HITM: What Were the Results of the Study? What Impact do Such Results Have
on the Future of the European Healthcare Sector?
Westcott: The study identified significant benefits for both patients and healthcare providers in several key areas. These included delivering improved patient services by enabling cardiologists, GPs and nurses to identify changes in conditions and providing a prompt and appropriate medical response, a reduction in cardiology-related GP visits by as much as 90%, a reduction in hospital in-patient admissions of 35% and a reduction in out-patient visits of 12%.
As a result of the use of e-Health technologies the anxiety for both patients and carers is also significantly reduced. Critically, the potential savings identified could amount to as much as Û100 million over a 15-year period, directly attributable to the introduction of telecardiology.
Research of this nature sets out a roadmap for policy makers - based on sound clinical evidence - that there are significant benefits both in terms of patient care and cost effectiveness to be realised from the increased use of e-Health technologies.
HITM: In Your Opinion, is There a Strong Impetus From the EU and Member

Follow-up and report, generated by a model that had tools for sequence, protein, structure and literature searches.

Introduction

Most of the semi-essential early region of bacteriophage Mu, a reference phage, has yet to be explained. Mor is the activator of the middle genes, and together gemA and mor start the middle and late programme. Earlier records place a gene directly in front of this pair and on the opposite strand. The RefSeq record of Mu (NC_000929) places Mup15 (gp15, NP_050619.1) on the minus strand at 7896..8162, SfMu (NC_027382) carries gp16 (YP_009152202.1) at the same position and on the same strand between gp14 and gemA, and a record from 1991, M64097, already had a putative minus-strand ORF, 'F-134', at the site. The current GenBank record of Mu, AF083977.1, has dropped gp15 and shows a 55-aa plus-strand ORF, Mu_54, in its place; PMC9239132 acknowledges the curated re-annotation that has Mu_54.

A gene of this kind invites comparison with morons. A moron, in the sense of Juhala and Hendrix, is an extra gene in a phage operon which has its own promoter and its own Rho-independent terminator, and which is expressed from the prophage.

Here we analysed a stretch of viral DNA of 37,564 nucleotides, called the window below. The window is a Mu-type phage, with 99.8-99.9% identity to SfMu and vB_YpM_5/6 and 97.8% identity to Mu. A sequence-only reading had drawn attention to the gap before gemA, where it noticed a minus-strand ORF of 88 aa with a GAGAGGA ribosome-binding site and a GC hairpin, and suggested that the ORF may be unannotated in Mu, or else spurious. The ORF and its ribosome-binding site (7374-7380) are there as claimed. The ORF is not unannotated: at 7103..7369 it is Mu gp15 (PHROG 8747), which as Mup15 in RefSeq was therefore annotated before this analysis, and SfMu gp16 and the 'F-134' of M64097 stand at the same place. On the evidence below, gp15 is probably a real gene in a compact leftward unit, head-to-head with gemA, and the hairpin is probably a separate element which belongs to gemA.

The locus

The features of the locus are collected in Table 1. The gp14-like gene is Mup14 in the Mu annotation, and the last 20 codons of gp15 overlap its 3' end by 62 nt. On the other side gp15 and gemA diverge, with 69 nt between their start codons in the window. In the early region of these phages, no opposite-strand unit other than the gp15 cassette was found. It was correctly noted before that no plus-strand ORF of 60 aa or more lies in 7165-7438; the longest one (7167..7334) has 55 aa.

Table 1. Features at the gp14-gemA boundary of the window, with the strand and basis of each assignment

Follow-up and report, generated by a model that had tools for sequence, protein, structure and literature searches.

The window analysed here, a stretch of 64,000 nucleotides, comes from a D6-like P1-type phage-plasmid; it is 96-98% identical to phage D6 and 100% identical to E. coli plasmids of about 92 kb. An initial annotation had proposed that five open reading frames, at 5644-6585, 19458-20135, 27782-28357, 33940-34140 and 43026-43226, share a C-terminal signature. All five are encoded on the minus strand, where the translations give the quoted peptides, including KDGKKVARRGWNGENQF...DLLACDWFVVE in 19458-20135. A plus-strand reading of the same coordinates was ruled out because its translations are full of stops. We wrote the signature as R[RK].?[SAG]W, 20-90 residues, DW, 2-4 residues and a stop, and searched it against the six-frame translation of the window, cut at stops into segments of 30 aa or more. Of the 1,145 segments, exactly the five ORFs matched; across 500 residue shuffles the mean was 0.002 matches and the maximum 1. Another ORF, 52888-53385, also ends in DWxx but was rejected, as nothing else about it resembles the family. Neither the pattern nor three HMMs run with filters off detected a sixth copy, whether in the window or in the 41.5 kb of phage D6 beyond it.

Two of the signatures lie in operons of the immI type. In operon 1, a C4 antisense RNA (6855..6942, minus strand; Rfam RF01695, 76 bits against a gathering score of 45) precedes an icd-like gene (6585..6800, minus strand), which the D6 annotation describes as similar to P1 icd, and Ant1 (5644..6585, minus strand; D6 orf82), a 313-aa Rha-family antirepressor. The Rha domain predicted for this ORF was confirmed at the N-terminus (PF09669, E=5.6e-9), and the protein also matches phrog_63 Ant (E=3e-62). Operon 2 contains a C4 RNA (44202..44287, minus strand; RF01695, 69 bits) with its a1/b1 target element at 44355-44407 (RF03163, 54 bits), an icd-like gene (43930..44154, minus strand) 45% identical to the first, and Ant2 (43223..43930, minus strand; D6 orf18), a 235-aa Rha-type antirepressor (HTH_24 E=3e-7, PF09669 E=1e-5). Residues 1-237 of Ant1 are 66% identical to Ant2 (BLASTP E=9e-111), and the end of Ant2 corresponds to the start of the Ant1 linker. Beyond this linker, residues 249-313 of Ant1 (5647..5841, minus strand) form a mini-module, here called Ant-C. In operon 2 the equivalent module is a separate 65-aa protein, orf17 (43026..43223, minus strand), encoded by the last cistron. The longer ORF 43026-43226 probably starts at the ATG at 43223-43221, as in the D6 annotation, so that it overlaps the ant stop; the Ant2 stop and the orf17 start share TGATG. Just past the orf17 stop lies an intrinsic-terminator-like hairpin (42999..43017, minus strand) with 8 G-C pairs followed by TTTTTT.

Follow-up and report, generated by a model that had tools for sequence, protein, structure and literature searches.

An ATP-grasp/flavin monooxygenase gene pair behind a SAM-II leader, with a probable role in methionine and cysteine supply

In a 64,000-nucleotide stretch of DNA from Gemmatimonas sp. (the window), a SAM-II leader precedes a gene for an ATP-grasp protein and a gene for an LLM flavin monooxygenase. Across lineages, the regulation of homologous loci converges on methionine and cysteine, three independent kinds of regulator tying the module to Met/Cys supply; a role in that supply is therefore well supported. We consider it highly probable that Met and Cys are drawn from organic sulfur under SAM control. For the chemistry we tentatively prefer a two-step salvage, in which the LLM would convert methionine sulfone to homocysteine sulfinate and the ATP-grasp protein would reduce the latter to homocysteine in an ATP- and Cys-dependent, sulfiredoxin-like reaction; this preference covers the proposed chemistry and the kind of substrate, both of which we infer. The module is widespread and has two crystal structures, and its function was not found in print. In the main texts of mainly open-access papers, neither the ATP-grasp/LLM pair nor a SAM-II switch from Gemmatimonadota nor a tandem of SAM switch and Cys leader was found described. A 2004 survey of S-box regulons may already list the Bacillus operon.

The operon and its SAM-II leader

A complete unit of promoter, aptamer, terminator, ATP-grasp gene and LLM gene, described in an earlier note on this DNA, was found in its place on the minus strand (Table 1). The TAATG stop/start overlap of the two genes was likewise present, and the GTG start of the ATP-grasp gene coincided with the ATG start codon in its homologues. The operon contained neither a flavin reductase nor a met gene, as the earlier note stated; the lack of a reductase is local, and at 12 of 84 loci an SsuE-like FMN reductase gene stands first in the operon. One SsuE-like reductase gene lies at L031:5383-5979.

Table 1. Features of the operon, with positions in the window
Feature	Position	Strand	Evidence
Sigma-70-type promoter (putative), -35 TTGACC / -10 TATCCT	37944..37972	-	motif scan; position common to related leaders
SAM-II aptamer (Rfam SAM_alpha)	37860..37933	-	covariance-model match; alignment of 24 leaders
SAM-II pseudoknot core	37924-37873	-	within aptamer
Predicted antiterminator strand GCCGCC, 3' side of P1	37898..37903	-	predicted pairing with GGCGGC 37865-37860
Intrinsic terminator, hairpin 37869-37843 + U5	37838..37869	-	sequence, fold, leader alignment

State Governmental Institutions to Promote IT Investments in National Healthcare Systems?
Westcott: The European Commission, through the Information Society and Media Directorate-General, has
been instrumental over the past decade in promoting e-Health policies as a route to improving access to healthcare, providing higher quality of healthcare, and alongside, delivering cost benefits which make funds available for reinvestment in healthcare.
Whilst there is no doubt that there is an increased awareness at a national level, it is also clear that there is more that can be done. To put this point into context, it is estimated that spending on e-Health worldwide stands at some 2% of healthcare expenditure, yet it has the potential to reduce inefficiencies inherent in the healthcare environment by as much as 25 – 40%. Thus, significant potential exists for the delivery of improved healthcare through co-ordinated ministerial action in the field of e-Health.